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Airlines

Pushing the limits

Catering trolleys are a necessary evil for airlines. Despite stringent regulations and a growing need for security, they often form part of weight saving initiatives in the cabin. Ian Harbison looks at how manufacturers are tackling the challenges
 

For a box on wheels, the regulatory requirements for cabin trolleys are strict. Not only must they meet fire, smoke and toxicity (FST) limits like any other cabin element, but they have to pass stress tests that ensure that doors stay closed on impact, as well as stability tests to prove the trolley will not topple over too easily. In addition, they also have to be strong enough to withstand the abuse experienced over time from the repeated loading and unloading from catering kitchens; the transit to and from the aircraft; washing cycles after use; as well as challenges faced in flight, mainly as they are stowed, unstowed, and often crashed into seats.

 

Extra strength usually means additional weight. However, in recent years there has been a move away from traditional aluminium construction in favour of composites, especially as airlines demand lighter units to help reduce aircraft fuel burn. As a result, weights have dropped from 30kg to 20kg, and even 15kg for ultra-lightweight designs – though a fully-loaded meal trolley must still carry up to 100kg.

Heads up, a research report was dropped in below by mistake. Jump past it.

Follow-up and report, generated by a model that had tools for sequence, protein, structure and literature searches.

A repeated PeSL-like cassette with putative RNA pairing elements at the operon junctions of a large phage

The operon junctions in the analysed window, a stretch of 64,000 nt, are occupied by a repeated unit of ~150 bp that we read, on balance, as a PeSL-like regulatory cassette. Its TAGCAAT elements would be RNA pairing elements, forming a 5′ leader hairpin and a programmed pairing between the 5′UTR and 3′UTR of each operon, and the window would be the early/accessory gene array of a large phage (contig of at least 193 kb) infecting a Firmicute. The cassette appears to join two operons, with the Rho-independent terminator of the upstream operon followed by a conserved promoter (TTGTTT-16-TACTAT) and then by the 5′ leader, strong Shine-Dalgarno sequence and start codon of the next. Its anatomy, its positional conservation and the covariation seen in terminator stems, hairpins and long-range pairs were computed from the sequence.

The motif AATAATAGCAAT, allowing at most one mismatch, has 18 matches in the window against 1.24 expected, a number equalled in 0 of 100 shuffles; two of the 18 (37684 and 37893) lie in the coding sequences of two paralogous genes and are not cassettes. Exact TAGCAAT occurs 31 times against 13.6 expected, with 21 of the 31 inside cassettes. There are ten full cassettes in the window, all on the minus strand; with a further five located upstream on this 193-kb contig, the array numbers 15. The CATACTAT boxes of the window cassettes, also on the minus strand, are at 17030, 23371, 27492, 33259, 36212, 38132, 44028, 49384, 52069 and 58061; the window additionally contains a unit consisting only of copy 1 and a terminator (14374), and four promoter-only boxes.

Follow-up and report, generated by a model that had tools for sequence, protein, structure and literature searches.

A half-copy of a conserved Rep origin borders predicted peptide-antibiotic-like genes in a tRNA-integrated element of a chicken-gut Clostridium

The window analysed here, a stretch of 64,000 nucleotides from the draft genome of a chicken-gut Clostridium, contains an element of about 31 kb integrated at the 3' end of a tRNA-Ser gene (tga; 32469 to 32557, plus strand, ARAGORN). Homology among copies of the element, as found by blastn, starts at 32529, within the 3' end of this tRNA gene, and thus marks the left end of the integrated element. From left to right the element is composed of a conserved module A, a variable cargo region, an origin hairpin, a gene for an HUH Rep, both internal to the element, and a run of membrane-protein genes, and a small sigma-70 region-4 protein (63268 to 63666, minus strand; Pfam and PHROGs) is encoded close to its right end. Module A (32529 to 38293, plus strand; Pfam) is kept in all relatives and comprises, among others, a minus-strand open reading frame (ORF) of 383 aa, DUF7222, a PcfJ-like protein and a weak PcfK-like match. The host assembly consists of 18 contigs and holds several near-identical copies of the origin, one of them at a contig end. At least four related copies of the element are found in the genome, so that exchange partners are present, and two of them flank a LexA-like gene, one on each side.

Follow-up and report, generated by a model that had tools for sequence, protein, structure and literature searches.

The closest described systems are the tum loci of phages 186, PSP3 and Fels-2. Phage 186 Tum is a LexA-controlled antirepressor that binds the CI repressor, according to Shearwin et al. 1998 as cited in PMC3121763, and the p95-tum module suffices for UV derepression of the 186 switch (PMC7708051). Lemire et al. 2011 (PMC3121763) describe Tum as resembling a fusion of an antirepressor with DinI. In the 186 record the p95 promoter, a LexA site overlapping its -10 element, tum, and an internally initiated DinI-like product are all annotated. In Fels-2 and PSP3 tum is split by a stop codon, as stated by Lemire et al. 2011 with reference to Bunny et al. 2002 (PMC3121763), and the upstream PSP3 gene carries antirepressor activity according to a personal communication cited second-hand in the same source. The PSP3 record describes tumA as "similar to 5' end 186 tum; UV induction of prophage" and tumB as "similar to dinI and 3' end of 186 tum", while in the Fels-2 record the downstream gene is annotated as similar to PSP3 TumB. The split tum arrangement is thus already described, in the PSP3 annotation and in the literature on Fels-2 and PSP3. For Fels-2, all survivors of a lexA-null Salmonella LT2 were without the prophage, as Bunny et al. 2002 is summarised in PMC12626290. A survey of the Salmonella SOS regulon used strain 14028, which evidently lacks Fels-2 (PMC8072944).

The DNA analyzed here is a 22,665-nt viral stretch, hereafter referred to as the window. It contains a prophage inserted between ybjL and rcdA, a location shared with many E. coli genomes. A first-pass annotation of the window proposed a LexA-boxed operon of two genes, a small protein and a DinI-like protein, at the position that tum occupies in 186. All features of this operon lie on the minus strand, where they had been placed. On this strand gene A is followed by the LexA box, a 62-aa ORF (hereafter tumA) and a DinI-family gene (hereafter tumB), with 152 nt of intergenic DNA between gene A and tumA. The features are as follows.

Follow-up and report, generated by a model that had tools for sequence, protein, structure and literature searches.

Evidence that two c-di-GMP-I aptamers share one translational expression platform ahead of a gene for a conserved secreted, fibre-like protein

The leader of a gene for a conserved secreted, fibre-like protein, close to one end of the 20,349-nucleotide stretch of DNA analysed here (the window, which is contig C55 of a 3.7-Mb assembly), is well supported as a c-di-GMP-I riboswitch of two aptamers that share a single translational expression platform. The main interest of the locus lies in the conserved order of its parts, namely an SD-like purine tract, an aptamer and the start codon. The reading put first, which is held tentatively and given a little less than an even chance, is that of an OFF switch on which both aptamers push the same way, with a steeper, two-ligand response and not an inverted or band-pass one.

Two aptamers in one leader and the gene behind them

To be fair to the designers, there are probably more constraints on trolleys than there are on many other pieces of galley equipment, generally because most have to conform to two industry standards – Atlas, which predominates, and KSSU – as well as not exceeding the width of the aircraft aisles. Within these already strict limitations, there is a further requirement to also develop full- and half-scale trolleys, as well as other variants that meet different customer needs – including food, beverages, waste and onboard sales.